As President Trump rebuffed and insulted our closest allies before, during and after the recent Group of Seven debacle in Quebec, his craven apologists have attempted to rationalize this blatant attempt to undermine our postwar economic and strategic alliances and to dismantle the rules-based world trade system that has prevented trade wars from becoming shooting wars ever since the devastation of World War II and the Great Depression.
It dangerous nonsense,, and they know better. Yet, congressional leadership is largely silent, though many know that something is badly wrong here. . . .
Georgia Journal of International and Comparative Law
Vol.46, No.3, 691-714, Spring 2018
a return to bilateral agreements: An end to the nondiscriminatory multilateral trading system?
By C. Donald Johnson
. . . In the political economy of the post-World War II era . . . , the United States has been the principal architect of the nondiscriminatory multilateral trading system in an effort to promote and sustain economic stability among scores of state actors with economies engaged in rules-based, free market trade. A critical question immediately comes to mind from the Trump administration's decision to terminate multilateral trade agreements and direct USTR to focus engagement on bilateral, country-by-country trade agreements: Is this the beginning of the end of the rules-based liberal economic order created in the post-war years to settle disputes and reduce discriminatory trade barriers through a multilateral trading system?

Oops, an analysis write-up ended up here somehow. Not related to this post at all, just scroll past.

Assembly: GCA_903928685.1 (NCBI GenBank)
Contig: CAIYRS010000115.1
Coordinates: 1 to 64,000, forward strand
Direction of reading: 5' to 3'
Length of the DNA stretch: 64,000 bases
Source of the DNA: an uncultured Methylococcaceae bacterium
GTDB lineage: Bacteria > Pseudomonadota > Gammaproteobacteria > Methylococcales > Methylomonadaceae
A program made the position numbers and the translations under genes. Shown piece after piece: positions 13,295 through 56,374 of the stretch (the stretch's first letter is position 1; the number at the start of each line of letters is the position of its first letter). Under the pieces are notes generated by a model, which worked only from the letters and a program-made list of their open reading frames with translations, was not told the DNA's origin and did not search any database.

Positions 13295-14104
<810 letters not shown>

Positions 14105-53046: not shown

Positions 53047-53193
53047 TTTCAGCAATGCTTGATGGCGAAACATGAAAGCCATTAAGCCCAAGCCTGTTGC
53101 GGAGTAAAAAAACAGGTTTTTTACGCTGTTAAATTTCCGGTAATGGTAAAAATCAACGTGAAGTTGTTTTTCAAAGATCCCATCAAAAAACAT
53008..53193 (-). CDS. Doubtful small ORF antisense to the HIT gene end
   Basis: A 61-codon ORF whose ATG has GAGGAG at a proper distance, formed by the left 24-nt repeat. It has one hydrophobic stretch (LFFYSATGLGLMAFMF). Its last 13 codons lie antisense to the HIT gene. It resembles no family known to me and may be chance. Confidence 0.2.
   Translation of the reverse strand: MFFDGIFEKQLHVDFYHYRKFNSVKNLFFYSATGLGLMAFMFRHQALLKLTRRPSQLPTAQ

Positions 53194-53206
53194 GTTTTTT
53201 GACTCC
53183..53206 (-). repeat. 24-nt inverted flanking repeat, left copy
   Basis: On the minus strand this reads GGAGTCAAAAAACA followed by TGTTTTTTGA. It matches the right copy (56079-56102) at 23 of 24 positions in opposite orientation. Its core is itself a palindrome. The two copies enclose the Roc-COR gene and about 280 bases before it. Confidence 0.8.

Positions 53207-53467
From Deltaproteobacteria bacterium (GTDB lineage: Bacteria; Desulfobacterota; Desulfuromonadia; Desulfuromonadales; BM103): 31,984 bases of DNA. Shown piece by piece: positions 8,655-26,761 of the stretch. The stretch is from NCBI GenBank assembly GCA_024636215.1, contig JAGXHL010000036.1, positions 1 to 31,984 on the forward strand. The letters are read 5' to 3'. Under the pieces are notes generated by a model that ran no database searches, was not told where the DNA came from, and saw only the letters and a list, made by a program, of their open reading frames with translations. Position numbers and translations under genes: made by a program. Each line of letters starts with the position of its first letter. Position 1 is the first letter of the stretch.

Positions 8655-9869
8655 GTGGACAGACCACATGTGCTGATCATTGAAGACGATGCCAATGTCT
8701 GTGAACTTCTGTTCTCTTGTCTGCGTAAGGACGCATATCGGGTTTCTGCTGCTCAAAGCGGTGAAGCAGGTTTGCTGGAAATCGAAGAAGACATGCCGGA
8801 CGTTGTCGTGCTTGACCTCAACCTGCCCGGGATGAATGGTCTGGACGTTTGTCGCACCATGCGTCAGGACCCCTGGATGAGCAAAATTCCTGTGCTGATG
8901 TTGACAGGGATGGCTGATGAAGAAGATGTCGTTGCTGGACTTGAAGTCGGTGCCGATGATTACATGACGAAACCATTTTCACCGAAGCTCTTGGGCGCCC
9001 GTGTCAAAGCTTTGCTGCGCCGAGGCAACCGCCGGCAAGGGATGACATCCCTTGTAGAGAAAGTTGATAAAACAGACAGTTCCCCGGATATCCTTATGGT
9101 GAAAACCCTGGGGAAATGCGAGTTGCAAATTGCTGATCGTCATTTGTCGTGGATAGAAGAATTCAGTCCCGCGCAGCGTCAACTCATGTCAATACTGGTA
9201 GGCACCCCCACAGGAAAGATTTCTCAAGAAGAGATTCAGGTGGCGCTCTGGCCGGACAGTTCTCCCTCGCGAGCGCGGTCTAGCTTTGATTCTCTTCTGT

Read More - For those interested in reading this article describing the threat to trading system presented by the Trump administration in its first year, it is available in most university or law school libraries or please contact the author for a copy at Johnsocd@uga.edu.
Congressional Power over Trade authority
Marketplace with Kai Ryssdal (6/12/2018)
Congress is considering reclaiming its legislative constitutional authority over trade in light of recent events [Trump tariff hikes on steel and aluminum against European and North American Allies] . . . .
At around the 7:40 minute mark, former U.S. Ambassador C. Donald Johnson explains to Marketplace's Nancy Marshall-Genzer the legislative authority claimed by the Trump administration for its unilateral trade actions.
Trump's latest actions effectively declare a global trade war
By Former Ambassador C. Donald Johnson, Opinion Contributor
The Hill (6/5/18)
Last week’s decision by the erratic Trump trade team to raise steel and aluminum tariffs amounts to declaring a trade war on effectively every major trading partner in the world market.
It presents an enormous economic threat to domestic industries that use steel and aluminum — that will have to raise prices, no doubt — and to sectors that will suffer from trade retaliation, such as agriculture and other political targets. But these losses are not the only damages that may result from these wars.